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Discussion Starter · #1 ·
I've always removed the transit paint on repro body panels, (as the suppliers always advise), it is easy to sand off nice smooth panels to bare metal, but have just fitted repro Beetle floor pan halves, (IGP), and the black transit coating is proving surprisingly difficult to remove, I think partly because of all the the indentations in the pressing, but even with a monster wire cup brush on my angle grinder, progress is slow. Any tips ? Or should I leave it in the areas where it is well & truly stuck ?
I'll be painting the whole floorpan in a Truck chassis paint which doesn't need any special prep or primer. This paint is very tough, not the nicest finish but I don't need it to be pretty.
 

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It's never a good idea to remove paint with a wire brush as it leaves a polished surface which does not provide for good primer adhesion. If you must use a wire brush, chemically clean the surface before priming.
 

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Discussion Starter · #4 ·
It's never a good idea to remove paint with a wire brush as it leaves a polished surface which does not provide for good primer adhesion. If you must use a wire brush, chemically clean the surface before priming.
Yeah, thanks, I usually finish with coarse Wet & Dry and thinners or panel wipe. Wire brush usually quickly strips the bulk of the Transit coating, but am finding it is much tougher than I expected on these floor pan halves.
 

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Hi,

If you're not too worried about a 'pretty' finish I'd be tempted just to sand the remaining paint to smooth/cut-in the edges to the remainder of the floors, then chemically clean/tack pad the surfaces, prime, and paint.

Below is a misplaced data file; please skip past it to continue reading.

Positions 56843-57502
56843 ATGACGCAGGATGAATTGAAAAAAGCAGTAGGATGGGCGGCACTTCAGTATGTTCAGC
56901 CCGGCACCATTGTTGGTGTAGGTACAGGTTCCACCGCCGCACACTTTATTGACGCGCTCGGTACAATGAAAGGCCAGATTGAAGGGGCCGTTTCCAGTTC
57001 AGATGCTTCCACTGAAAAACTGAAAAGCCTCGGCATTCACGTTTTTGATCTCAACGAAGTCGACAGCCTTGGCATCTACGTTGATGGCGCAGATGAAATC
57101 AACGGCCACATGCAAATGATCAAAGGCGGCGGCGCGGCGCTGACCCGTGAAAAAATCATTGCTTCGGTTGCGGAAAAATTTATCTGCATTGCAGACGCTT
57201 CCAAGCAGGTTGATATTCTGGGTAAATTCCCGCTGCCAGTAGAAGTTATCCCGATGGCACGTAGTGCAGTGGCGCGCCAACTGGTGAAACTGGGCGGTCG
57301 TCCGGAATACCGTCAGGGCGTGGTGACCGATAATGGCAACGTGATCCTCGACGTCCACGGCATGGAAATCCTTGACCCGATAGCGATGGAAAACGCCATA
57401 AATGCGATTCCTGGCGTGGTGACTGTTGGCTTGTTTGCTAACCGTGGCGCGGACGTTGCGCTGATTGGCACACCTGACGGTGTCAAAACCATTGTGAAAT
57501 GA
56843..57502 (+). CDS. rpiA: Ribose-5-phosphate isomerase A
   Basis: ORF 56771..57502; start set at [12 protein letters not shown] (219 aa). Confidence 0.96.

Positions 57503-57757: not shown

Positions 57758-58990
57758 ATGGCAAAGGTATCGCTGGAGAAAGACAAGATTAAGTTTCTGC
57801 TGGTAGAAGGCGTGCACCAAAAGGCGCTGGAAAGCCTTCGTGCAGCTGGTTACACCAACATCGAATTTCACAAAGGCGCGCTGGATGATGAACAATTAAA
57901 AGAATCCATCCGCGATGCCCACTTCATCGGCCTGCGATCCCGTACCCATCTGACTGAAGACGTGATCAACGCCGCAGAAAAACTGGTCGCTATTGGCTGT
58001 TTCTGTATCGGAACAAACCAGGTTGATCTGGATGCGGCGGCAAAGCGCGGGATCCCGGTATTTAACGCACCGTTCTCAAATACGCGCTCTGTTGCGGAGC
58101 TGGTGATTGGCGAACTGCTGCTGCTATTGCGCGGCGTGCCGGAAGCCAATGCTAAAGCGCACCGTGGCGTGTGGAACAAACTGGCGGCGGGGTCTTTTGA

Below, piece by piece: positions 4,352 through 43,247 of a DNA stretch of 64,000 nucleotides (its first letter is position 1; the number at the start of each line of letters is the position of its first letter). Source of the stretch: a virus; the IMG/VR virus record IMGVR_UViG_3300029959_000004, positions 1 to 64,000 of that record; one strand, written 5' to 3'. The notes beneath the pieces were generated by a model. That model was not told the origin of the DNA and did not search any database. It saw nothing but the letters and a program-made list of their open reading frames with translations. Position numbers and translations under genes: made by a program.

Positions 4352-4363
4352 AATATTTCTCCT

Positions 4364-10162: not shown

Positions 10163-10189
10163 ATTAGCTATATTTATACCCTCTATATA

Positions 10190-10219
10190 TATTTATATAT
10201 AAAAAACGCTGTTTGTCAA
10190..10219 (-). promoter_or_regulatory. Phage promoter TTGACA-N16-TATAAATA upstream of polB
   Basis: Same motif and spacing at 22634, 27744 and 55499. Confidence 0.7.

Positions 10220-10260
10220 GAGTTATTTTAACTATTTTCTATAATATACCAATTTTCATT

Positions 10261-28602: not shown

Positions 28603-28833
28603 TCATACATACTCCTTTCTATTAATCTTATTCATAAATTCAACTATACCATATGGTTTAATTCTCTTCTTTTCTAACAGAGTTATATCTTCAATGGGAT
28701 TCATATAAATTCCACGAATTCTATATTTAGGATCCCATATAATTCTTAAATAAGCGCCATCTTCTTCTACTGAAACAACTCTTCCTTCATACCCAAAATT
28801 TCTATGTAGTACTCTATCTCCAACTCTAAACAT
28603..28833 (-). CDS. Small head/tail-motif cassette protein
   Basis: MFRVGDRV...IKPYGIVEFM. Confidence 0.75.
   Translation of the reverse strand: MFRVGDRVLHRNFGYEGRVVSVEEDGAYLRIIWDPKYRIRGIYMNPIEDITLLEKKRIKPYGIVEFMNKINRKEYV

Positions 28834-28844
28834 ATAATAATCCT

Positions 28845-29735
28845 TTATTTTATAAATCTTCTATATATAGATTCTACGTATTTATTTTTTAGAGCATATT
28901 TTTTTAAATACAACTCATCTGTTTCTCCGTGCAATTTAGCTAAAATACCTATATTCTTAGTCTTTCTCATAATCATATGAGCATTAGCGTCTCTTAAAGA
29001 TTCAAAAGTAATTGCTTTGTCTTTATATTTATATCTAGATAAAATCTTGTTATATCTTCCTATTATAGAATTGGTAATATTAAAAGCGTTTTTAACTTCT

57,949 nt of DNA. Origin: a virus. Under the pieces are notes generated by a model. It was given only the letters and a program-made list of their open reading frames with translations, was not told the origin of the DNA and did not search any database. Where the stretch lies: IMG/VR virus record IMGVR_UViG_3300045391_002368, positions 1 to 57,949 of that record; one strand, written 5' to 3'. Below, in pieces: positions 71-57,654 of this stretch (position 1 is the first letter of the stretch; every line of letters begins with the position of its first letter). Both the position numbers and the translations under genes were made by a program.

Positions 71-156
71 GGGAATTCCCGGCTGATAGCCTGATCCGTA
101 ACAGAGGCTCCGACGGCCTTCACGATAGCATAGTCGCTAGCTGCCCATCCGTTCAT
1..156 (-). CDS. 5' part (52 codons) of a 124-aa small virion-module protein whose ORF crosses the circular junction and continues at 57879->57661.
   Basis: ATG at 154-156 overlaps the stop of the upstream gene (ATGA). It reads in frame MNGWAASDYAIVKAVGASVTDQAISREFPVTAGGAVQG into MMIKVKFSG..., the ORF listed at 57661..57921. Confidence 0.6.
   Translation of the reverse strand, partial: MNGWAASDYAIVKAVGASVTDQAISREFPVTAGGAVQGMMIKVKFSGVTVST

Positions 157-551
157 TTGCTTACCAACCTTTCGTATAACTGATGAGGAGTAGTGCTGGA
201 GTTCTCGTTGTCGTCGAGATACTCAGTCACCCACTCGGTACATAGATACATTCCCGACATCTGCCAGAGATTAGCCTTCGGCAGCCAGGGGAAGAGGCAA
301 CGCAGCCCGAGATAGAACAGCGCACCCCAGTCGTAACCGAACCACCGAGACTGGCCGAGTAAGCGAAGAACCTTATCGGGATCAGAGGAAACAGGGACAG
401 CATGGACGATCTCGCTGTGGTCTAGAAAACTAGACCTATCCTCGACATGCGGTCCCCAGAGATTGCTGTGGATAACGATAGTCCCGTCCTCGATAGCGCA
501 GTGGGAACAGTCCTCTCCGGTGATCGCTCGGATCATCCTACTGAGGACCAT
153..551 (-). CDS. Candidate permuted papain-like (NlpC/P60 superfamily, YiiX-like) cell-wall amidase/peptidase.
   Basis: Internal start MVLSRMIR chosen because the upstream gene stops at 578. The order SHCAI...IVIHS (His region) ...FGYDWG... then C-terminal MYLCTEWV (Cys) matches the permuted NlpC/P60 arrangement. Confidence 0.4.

If you want to progress with removing all traces of the transit paint I'd personally go with a heavy-duty/industrial paint stripper before chemically cleaning and prepping. I use this on all my BMX parts that have tough paint finishes on them before prepping for refinish/polish: https://breakwellspaints.co.uk/product/heavy-duty-paint-stripper/

Works really very well. No effort (other than cleaning off the obvious gooey mixture) and get lovely clean bare metal to work with. The product in the link is not your normal weak modern Nitromors, which is not the stuff-of-old, it really is a proper paint stripper as us 'older ones' remember. There are other 'industrial' spec paint strippers around (if you don't want 5L worth, but they do seem to be getting a little harder to find now days.

Either way, good luck.
 

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You could try some heat? I've just dug loads of filler out of a beetle. Picture the rover from father ted, fixed using filler. Looked like someone had tried to straighten the quarters with a ball pein hammer. After trying a few ways to remove it I found the quickest and cleanest is a heat gun and chisel to carve the softened filler off.
 
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If the transit paint is e coated then I would leave it. If not I would sand it off. I remember sanding it off the pan half’s on my last build and it was very tedious. If you don’t there is a risk you don’t get good paint adhesion.
 

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Discussion Starter · #8 ·
If the transit paint is e coated then I would leave it. If not I would sand it off. I remember sanding it off the pan half’s on my last build and it was very tedious. If you don’t there is a risk you don’t get good paint adhesion.
Thanks. I don't think this is e-coated, the panel looks like it has just been dipped in the transit paint, you can see the runs in it :
Home appliance Automotive tire Gas Electronic device Major appliance


In some places, I could scratch it off with my fingernail, but in other places it is stubbornly resisting.
I'll persevere, because I don't think it offers much protection, (even just in transit).
 

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Yeah. It’s crap. If you don’t get it off your paint might flake. I remember it being a pain to remove and red fingers when I was finished!
 
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I remember years ago the ladies on Girls garage, or whatever it was, did a segment on transit primer. If paint thinners on a cloth made a light coloured cloth black then the rpimer needed removing. If, however, the cloth remained clean of paint then it was 'e' primer and safe to leave on but obv's still needed scuffing.
On difficult stuff I use proper chem stripper available to bodyshops as the stuff is Halfrauds will be shite and household strippers are unlikely to do anything. I also like the strip discs as although they don't remove metal they do seem to leave a scuffed surface but even so I follow up with 80 grit emery cloth.

The choice is yours ;)
 
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